Are Esports Players Considered Athletes?
According to the Cambridge Dictionary, an athlete is “a person who is very good at sports or physical exercise”.
Therefore, if Esports is indeed considered a sport, as the name suggests it is, then surely those that compete, especially at the highest level, are athletes?
It is certainly the logical answer based on language alone, but you will have a hard time convincing some people that Esports professionals are truly athletes.
As it is a topic likely to divide opinion, it is worth looking at it from both sides.
So, in this article we will examine if Esports players should be considered athletes and if they generally are.
Definitions Of An Athlete
We began by providing the Cambridge Dictionary definition of an athlete, but so we have a more rounded approach, let us take a look at how other dictionaries describe the term.
- “A person who is proficient in sports and other forms of physical exercise” – Oxford Dictionary
- “A person who is trained or skilled in exercises, sports, or games requiring physical strength, agility, or stamina” – Merriam-Webster
- “An athlete is a person who does a sport, especially athletics, or track and field events.” – Collins Dictionary
- “A person trained or gifted in exercises or contests involving physical agility, stamina, or strength; a participant in a sport, exercise, or game requiring physical skill.” – Dictionary.com
If we, for argument’s sake, are happy to accept that Esports is indeed a sport then Esports players would meet the definition for Oxford and to an extent Collins. The requirement of ‘physical strength, agility or stamina’ however mean that an Esports professional would not fall under the definitions provided by Merriam-Webster or Dictionary.com, although some would reasonably argue that Esports does require agility, both mental and of the hands, and also stamina, as contests often go on for several hours.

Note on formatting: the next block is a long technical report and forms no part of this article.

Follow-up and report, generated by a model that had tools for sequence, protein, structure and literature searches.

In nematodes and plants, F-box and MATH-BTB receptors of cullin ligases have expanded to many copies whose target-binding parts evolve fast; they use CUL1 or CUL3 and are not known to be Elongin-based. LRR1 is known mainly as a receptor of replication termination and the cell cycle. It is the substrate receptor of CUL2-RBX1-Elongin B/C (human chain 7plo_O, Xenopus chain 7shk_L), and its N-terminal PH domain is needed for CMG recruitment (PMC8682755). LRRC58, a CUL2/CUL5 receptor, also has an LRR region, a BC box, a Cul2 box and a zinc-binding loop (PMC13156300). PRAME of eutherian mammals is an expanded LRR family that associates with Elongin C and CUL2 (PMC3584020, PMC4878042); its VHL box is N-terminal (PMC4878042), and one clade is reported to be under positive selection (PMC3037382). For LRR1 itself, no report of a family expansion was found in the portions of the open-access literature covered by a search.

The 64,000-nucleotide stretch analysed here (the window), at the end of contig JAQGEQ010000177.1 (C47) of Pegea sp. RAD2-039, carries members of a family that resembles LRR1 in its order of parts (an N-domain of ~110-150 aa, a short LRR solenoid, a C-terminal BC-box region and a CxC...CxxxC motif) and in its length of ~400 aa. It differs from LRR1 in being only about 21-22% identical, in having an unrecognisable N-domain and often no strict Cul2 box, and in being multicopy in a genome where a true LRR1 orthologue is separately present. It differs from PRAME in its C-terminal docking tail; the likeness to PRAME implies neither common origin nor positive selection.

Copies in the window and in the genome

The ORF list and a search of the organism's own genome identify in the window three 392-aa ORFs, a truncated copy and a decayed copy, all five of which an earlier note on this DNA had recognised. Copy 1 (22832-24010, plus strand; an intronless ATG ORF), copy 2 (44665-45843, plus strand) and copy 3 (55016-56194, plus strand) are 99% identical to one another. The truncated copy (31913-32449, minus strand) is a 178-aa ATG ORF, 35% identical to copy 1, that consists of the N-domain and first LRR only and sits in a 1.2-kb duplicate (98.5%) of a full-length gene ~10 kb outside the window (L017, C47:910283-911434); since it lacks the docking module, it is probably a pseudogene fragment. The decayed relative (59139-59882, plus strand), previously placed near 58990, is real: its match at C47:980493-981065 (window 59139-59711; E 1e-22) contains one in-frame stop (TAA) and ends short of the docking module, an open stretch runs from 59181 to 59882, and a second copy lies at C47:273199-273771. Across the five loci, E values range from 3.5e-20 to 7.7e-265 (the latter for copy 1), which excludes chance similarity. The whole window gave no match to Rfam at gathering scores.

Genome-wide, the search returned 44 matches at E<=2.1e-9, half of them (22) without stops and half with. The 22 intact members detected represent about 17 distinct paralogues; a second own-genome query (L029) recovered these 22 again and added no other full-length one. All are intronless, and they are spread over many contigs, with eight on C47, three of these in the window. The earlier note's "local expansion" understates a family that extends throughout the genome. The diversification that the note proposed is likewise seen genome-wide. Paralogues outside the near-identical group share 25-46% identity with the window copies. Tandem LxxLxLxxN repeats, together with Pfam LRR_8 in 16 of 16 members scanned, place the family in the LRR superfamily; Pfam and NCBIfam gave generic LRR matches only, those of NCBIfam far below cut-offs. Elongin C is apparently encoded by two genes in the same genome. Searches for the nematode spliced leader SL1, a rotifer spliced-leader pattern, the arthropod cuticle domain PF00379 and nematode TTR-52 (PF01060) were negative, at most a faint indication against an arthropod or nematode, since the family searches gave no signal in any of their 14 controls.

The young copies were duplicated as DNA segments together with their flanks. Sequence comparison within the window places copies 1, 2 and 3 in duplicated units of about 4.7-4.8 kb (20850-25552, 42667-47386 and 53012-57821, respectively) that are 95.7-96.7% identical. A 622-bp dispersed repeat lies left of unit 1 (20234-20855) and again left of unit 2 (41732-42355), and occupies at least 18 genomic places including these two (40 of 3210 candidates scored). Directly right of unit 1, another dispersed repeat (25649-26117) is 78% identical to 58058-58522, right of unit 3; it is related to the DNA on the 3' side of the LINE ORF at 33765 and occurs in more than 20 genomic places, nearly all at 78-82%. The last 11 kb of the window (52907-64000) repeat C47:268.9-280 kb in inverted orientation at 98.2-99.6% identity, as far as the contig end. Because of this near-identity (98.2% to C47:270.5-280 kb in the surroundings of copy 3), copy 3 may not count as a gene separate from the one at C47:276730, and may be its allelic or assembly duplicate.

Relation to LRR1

This really underlines the crux of the issue. If you are happy to simply consider anyone who plays any sport to be an athlete then Esports players must be athletes too. If, however, you say that only disciplines that require extremes of physical strength, agility or stamina qualify as sports, then things look much greyer. We examine whether Esports really is sport in a separate feature but the debate over whether exponents are athletes is subtly different. There are, for example, those that accept darts and snooker as sports but do not believe that professionals are athletes.
Clearly for some this is a simple black and white issue and they have a firm belief one way or the other. However, we believe it is actually quite nuanced so let us now look at both sides of the argument.
Esports Players Are Athletes
There are several reasons why someone can reasonably consider Esports pros to be athletes. For one, they participate in a sport that requires masses of dedication and training. There are so many people playing the most popular Esports games that only truly exceptional talents make it to the very top. Nobody is just born with this exceptional talent either, it requires years of graft and targeted practice to hone and develop the physical and mental skills required.
In 2020, Medium published an insightful article looking at the training regimes of various Esports teams. They found players train roughly 50 hours a week, as a group, plus many individuals choose to train separately on top of this. They do so while following a customised diet as nutrition is key to performance and reaction times. Much like with other sports, teams will also review past performance with their coach and analyse what went right and wrong.
The training itself uses state of the art technology that focuses on key functions like attention, memory and reaction time. Training exercises will even mimic real-life situations with crowd noises and changing lights used to get players familiar with the possible distractions they may face in a competitive setting. In addition to training being closely related to the game itself, Esports teams now hire fitness coaches as standard. The margins between winning and losing are so small that being in physically better shape can end up making all the difference and certainly has a direct impact on reaction times, endurance and the ability to maintain concentration for extended periods.